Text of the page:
21 Feb 2023

Crackdown on child marriage tears families apart in India’s Assam

On February 3, the police in Assam – ruled by the Hindu right-wing Bharatiya Janata Party (BJP) – went on an arrest spree as part of a mass crackdown against child marriage. Within 24 hours, more than 2,000 people, including grooms, their family members and religious leaders allegedly involved in underage marriages of girls were imprisoned in makeshift jails. More than two weeks later, the number of arrested people stands at more than 3,000, including 93 women. Shahjimina Khatoon, who claims she was 18 when she married 18 months ago, said the police arrested her father-in-law. With a toddler in hand, Khatoon is clueless as to when he will return home. Her husband works as a daily wage earner in Karnataka. Khatoon alleges her father-in-law was arrested because they are Muslim. “I think the arrests related to child marriage are to harass Muslim people.” Along with the unprecedented large-scale arrests of people to prevent child marriage, critics of the latest step by Assam chief minister and BJP leader Himanta Biswa Sarma say it is “anti-poor and anti-minority as most of the arrested people belong to the Muslim community”. As per the government data, Assam has the highest percentage of Muslims after Indian-administered Kashmir, with Muslims comprising 34 percent of the northeastern state’s 31 million people. At least nine of the state’s 31 districts’ populations are more than 50 percent Muslim. read the complete article

20 Feb 2023

Bhiwani: India anger over charred bodies linked to cow vigilantes

The discovery of two charred bodies in a burnt vehicle in India's Haryana state has led to anger and questions over police handling of the case. Police say the bodies belonged to two Muslim men from neighbouring Rajasthan state who had been reported missing. Their relatives say they were killed by right-wing Hindus who reports say accused them of cow-smuggling. Leaders of the Bajrang Dal group have denied the claims as have police, who say they're investigating the killings. Slaughtering cows - venerated by Hindus - is illegal in a number of Indian states, including Rajasthan and Haryana. While buffaloes are exempt from the rule, buffalo meat sellers and cattle traders - many of them Muslim - have often been assaulted in recent years by Hindu vigilante groups who have accused them of transporting beef. After the two bodies were found in the Bolero, several media reports said the men may have been attacked by cow vigilantes on suspicion of transporting beef. read the complete article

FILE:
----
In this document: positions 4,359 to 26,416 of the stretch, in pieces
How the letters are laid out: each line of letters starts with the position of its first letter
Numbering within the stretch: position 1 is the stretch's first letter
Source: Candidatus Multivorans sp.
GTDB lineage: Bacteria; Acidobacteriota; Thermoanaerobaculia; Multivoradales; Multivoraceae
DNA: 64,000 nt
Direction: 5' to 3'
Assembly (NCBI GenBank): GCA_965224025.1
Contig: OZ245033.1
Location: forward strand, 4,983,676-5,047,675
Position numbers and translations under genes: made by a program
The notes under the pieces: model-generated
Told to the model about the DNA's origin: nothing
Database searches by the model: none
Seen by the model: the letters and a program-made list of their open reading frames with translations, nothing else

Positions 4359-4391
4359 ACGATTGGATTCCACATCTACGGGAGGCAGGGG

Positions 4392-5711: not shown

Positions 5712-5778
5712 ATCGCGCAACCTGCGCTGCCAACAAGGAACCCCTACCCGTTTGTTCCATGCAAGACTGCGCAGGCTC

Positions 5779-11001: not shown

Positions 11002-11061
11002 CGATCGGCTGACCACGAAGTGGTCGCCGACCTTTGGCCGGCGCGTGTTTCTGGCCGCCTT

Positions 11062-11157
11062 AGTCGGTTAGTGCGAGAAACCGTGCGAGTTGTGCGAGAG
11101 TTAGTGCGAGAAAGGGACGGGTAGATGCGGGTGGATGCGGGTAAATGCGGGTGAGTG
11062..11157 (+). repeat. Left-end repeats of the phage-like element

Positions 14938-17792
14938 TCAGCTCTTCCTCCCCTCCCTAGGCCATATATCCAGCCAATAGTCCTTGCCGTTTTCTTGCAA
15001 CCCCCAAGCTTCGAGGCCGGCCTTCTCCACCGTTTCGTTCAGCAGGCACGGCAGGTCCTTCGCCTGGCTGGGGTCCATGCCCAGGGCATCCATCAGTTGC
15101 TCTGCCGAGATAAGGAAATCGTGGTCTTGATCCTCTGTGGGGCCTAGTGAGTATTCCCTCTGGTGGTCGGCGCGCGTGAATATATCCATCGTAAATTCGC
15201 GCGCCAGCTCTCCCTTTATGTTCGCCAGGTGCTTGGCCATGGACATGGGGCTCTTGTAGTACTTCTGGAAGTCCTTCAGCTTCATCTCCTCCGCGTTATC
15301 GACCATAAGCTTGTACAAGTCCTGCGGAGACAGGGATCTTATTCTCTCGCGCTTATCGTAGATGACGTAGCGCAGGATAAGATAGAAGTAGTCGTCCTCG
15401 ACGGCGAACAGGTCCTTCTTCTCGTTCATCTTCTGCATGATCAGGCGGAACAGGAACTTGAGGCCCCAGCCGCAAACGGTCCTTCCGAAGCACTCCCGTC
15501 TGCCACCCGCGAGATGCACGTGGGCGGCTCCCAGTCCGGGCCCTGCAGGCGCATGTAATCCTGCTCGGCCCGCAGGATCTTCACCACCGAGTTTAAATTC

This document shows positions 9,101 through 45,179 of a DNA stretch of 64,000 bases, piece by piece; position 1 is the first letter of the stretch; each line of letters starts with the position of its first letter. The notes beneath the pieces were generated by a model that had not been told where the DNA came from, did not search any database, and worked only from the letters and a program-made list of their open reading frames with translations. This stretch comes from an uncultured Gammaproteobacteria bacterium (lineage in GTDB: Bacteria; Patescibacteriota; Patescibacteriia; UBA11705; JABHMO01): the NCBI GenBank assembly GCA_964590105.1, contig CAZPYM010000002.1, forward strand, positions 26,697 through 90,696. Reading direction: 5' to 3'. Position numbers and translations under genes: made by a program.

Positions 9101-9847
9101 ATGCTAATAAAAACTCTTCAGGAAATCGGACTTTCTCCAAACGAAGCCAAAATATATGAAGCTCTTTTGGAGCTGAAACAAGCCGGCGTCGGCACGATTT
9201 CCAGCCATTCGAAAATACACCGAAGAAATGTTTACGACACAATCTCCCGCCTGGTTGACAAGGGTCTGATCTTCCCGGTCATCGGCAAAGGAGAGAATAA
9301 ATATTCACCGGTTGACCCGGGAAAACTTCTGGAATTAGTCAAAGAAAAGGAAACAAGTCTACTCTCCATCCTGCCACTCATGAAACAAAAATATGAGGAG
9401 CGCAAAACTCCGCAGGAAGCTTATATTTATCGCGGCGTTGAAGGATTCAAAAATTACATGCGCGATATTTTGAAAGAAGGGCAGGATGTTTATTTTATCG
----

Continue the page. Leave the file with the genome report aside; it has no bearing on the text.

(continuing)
United Kingdom

20 Feb 2023

Government must help unlock the potential of British Muslim civil society

In recent years, there has been an unprecedented need for civil society to step up, and strong local communities have been our first line of defence. Yet civil society sometimes feels fragmented between one-size-fits-all models and more creative and bottom-up ways of addressing problems. So, I was proud to welcome Mercy Mission’s inaugural report, The British Muslim Civil Society (BMCS) Report 2023, with colleagues on the All-Party Parliamentary Group on British Muslims. Its intensive research, covering the breadth of a vibrant and growing Muslim community, makes a huge contribution to debating the future of civil society. The BMCS report makes a powerful case for public services and civil society alike to engage the huge potential of British Muslim civil society. There are now 3.9 million Muslims in England and Wales. This population is young, bears a disproportionate degree of the national economic burden, and will continue to do so in the coming decades as Britain’s population ages. Forty per cent of Muslims live in the most deprived 20 per cent of council areas. A social burden attends the economic one - Islamophobia has reached record heights in recent years. But surveys in the report highlight a recurring theme beyond inequality and social exclusion – the extent to which British Muslims are driven to contribute out of a sense of civic duty arising from their faith. Our faith calls on us to serve our neighbours of all faiths and none. read the complete article


20 Feb 2023

Former Calgary mayor Naheed Nenshi urges politicians to support Amira Elghawaby

Canada's first special representative on combatting Islamophobia officially takes office on Monday, but it has been a very bumpy road for Amira Elghawaby, who has been under criticism in Quebec for weeks for what she says is Islamophobia in the province. Former Calgary mayor Naheed Nenshi recently spoke to the Senate Committee on Human Rights and urged politicians to support Elghawaby. He spoke with Global News' Farah Nasser on Sunday about why that backing is important. read the complete article


20 Feb 2023

Dutch former anti-Muslim politician recounts his journey to Islam

A former Dutch far-right MP and right-hand man to Islamophobic politician Geert Wilders recounted his somewhat unlikely journey to converting to the Islamic faith. Speaking to Anadolu, Joram Van Klaveren said that he was born in 1979 in Amsterdam to a devout Calvinist family and has been interested in different belief systems since his youth. Noting that he started university while seeking answers to his questions about Christianity, Klaveren said it was then that the Sept. 11, 2001 terrorist attacks happened. “So that confirmed my ideas and later on (2004) Theo Van Gogh, the famous filmmaker here, he was killed by a guy who called himself a jihadi. So I thought, okay, all these people are crazy, I have to do something and that's why I joined the (Wilders’ Islamophobic) Freedom Party.” Underlining that previously he only read Western writers on Islam, Klaveren said that on the contrary Murad advised him to only read Islamic sources, and there was a large contrast. “Then in the end I got like almost 2 Islams. Of course there’s just one Islam, but I got the Islam from the Orientalists, the Westerners, the people who were not Muslim, and (then later) the ‘real deal’ Islam as it (really) is.” On rising anti-Muslim sentiment in Europe in recent years, Klaveren said one of the things that fuels Islamophobia is mass culture, mentioning how Arabs and Muslims are constantly shown as terrorists, especially in Hollywood movies. read the complete article

Today in Islamophobia, 21 Feb 2023 Edition